What is this website about? What do I want more of in my life?

It’s not more crap, obviously.

I want more people to work with. More ongoing relationships, and more partnerships. I want to get to know a lot of people through their work, and be a part of that growth. I want other people to know who these people are, and support their endeavours and businesses, the same way they support mine in working with  me.

This is the important thing for me, and in the end, this version of the site will reflect this gratitude.

It’s far from done. I have a few more things to add, and more content to create, but just as how I speak about the great people I work with, I hope you guys can also tell that this is what gets me really excited.


Kind Women

The few friends that I have and know me well make fun of me often for liking terrible shows and sitcoms. I was thinking about it a bit today, as I was catching up on Fran Drescher’s tweets, and I kind of realized one reason why I get so drawn into shows like Reba and The Nanny.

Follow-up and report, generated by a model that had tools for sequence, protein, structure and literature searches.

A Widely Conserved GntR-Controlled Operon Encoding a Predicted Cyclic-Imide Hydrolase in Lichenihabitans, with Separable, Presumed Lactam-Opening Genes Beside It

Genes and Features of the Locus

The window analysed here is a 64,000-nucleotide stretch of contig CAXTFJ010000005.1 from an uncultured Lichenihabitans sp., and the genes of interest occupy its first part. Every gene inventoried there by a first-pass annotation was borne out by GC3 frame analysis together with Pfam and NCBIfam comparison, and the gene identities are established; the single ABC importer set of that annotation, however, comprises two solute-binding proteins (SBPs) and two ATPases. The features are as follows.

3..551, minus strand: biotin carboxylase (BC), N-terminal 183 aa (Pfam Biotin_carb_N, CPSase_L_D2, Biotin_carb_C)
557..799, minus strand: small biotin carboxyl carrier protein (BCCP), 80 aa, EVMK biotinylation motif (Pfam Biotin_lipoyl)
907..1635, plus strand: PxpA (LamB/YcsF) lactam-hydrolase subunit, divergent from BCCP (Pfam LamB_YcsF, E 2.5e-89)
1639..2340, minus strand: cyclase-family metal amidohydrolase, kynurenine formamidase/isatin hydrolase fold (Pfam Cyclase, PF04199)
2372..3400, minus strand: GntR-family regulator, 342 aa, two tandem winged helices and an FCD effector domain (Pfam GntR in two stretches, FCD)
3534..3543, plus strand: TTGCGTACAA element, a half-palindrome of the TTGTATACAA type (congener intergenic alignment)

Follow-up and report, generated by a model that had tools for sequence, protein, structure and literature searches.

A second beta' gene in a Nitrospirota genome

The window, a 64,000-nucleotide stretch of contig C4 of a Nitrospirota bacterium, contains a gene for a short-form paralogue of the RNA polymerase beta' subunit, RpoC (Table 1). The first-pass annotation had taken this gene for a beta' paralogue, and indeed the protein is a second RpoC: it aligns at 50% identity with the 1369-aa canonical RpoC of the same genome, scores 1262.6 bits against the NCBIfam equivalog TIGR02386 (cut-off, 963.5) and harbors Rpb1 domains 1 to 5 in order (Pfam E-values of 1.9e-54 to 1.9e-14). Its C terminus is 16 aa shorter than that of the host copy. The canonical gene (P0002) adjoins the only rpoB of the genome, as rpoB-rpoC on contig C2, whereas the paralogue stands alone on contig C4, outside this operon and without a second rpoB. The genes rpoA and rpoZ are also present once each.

I enjoy themes of family led by kind women.

It’s by no means a definitive thing about me, nor is it particularly grand in my discovery of it, but I just thought it was interesting to realize that little bit about myself.

In the case of Reba, I always joke that I love the show because she’s just a good Christian woman. She loves her kids, no matter how stupid they are. And they really are stupid. The jokes and the writing are simple enough, but I think there is a warmth to the show that I really enjoy. My favourite part about it is Reba’s relationship with Barbra Jean because it’s one of the biggest examples of kindness. It’s not done in a preachy way at all, but Reba’s reluctance to make peace with her ex-husband’s wife carries themes of forgiveness and tolerance. And what I appreciate is that while Barbra Jean technically should have been the evil “other woman,” the show made her out to be so awesome and lovely. Dudes, I love Barbra Jean.